To be fair, the U.S. has maintained some of these abilities in the Navy and Air Force. Most modern warships and combat aircraft are now fitted with a self-defense jamming capability, and electronic attack jets have proven useful in some places.
The deficit is most acute in the Army, which largely retired its electronic attack assets, which allowed it to jam enemy radars and communication links, with the end of the Cold War. In part, this was based on the idea that the Air Force or Navy could provide those capabilities. But in a conflict against an enemy with powerful air defenses today, U.S. ground forces would need to have their own capabilities on hand.
These realities have begun sinking in, and the Army plans to beef up its electronic warfare game. It recently announced that each of its 31 armor and infantry brigades will have a new electronic warfare platoon attached to it and equipped for offensive attacks over the next few years; altogether, the Pentagon earmarked $10.1 billion toward electronic warfare in the (still unpassed) 2020 defense budget — though most is allocated for the Navy.
And even that will leave a stark capability gap. Every Russian armor or infantry brigade has an electronic warfare company — a unit usually more than three times the size of a platoon. These units are capable of both jamming, deceiving and geo-locating enemy signals at different bandwidths, and disrupting or hijacking drones.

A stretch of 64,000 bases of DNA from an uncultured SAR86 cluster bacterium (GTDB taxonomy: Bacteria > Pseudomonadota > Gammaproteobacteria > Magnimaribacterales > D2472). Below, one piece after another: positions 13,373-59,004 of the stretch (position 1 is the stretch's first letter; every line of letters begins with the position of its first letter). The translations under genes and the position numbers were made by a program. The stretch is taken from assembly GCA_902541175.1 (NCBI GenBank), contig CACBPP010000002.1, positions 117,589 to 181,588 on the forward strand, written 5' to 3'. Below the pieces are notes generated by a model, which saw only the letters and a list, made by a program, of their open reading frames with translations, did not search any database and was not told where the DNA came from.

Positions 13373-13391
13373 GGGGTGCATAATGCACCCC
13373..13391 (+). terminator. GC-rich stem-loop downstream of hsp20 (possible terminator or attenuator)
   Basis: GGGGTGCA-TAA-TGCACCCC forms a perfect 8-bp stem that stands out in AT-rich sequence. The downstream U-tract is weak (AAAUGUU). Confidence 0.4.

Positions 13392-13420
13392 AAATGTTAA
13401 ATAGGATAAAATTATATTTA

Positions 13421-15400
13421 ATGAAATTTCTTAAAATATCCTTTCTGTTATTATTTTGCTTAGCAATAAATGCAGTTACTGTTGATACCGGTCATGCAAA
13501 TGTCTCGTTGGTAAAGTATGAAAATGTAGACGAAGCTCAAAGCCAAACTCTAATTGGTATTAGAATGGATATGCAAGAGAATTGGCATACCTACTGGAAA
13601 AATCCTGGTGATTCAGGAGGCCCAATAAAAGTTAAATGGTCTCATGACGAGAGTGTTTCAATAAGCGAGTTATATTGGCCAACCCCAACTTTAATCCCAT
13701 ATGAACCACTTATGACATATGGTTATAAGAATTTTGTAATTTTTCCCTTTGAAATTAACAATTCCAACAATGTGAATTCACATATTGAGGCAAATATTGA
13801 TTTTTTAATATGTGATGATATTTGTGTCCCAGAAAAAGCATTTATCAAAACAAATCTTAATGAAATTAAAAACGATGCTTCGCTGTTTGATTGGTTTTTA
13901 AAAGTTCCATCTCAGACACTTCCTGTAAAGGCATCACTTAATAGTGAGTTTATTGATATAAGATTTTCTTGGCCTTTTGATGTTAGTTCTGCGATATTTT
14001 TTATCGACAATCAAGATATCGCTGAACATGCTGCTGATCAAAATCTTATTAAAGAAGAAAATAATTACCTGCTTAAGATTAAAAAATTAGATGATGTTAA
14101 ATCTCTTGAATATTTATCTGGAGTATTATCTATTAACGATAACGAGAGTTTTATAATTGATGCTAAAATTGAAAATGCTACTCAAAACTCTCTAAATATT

Preparing for war using the electromagnetic spectrum also means training officers to learn how to do without the lavish sensors and communication links they’ve been able to use unimpeded in past combat operations in Afghanistan, Iraq and Syria. It also requires practice at reducing electronic and cyber footprints and avoiding antenna farms of communication systems at field headquarters, as is done now, that could make them big fat targets.
As the Army study warns, almost everyone that deployed to Iraq or Afghanistan has conducted a routine battle update over radio or phone. In a confrontation with Russian or their proxies, “this type of action will get units targeted through electronic warfare and then killed with artillery.”
Trying to match China and Russia system for system might not be necessary, however. A recent Center for Strategic and Budgetary Assessments study argues that new systems should focus on being cheap and, preferably, expendable (i.e., unmanned) so that they can be fielded on a larger scale and employed more rapidly than the current premium assets that exist.
Selling the importance of electronic warfare can seem abstract when compared to obviously deadly weapons such as stealth fighters or tanks. But today’s network-centric warfare is less about hitting the enemy harder than it can hit you, and more about locating the enemy first while making it hard for it to do the same. That’s why troops in the field need to be trained and equipped for a war on the electromagnetic spectrum — a battlefield that Russia and China have recognized as key to victory in any future conflict.